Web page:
Success Stories

Pegasus - Soaring from Ships to the Air

Just as the winged-horse Pegasus was formed from the sea, tamed by Athena the Goddess of War, and loyally carried Zeus’s terrifying lightning bolts through the sky, the Navy and Air Force are developing a capability that can miniaturize the ship-based electronic attack module called Medusa, for use in helicopters and airplanes. Medusa provides vital situational awareness and electronic attack functions to degrade/deny adversary anti-access/area denial capabilities. Up until now, this capability has been too big for planes and helicopters to use in highly contested environments.

The new capability, aptly called Pegasus, compacts the ship-based system into a size, weight and power that is suitable for aviation platforms. When deployed, Pegasus will significantly reduce risk to ship and aircraft duringLight gray military helicopter flying through blue skies with wispy clouds behind it critical missions such as Air Anti-Submarine Warfare, Mine Warfare, Combat Search and Rescue, Expeditionary troop movement, Strike, Offensive, Counter Air, Defensive Counter Air, and Anti Surface Warfare.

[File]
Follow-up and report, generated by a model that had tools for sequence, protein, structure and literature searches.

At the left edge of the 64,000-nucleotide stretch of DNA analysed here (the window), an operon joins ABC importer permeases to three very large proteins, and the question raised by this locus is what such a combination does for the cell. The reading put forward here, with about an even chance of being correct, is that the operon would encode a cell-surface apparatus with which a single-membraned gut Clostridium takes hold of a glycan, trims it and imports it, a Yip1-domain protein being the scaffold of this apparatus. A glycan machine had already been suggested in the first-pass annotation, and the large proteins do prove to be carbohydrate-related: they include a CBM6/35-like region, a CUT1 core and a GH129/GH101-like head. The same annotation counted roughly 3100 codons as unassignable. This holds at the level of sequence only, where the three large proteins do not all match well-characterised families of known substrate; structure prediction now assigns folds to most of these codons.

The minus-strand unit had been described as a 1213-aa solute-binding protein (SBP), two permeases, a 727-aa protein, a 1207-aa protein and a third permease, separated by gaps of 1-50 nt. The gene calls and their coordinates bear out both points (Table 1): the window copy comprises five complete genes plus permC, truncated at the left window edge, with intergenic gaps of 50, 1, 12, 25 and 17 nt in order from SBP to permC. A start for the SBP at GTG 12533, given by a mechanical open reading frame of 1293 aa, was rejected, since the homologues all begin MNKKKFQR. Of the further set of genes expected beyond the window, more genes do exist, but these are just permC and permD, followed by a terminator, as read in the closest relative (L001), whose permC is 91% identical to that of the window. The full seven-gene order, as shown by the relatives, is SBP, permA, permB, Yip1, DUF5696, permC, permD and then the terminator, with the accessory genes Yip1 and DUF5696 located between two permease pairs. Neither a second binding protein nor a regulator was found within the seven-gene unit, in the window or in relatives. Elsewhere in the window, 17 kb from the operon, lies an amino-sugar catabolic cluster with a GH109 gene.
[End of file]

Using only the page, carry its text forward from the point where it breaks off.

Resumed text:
Leveraging the Competitive Advantage Pathfinders (CAPs) approach, the time from funding availability through development completion is estimated to be 18 months – three years ahead of schedule. This pathfinder has shown that the wide array of DoD platforms with this antenna configuration are immediate candidates to benefit from this capability – delivering situational awareness and electronic attack functions at scale to benefit our Warfighters.    

From Ship to Shore - A Cross-Service Electronic Warfare Study

Cross-service use of technologies shortens the development cycle and takes advantage of existing investments. When the Army started investigating improved Electronic Warfare (EW) technologies, they didn’t have to start at the design/development stage; rather, the Army entered at the demonstration stage by partnering with the Navy. 

From ship to shore, Navy EW technology was leveraged for successful demonstration in Army scenarios with minimal hardware/software/firmware changes. Leaving the gray exterior behind and sporting a fresh coat of tan paint, modularity of the shipboard components enabled their nearly direct use on Army vehicles. The EW capability provides the ability to deny/degrade adversary sensors for both Navy and Army missions from the same set of equipment.

Facilitated by the Competitive Advantage Pathfinders (CAPS) approach, the Army can now take the demonstration results and use those to tailor the technology to their specific needs.    

U.S. Department of Defense 2022 National Defense Strategy. Front cover of pdf with world map inside a circle of stars and a dark blue top border with red and white stripes.

CAPs: Sharpening Our Technological Edge

"U.S. competitors increasingly hold at risk our defense ecosystem [. . .] The United States' technological edge has long been a foundation of our military advantage."


 2022 National Defense Strategy                          
Source: Link to Full Document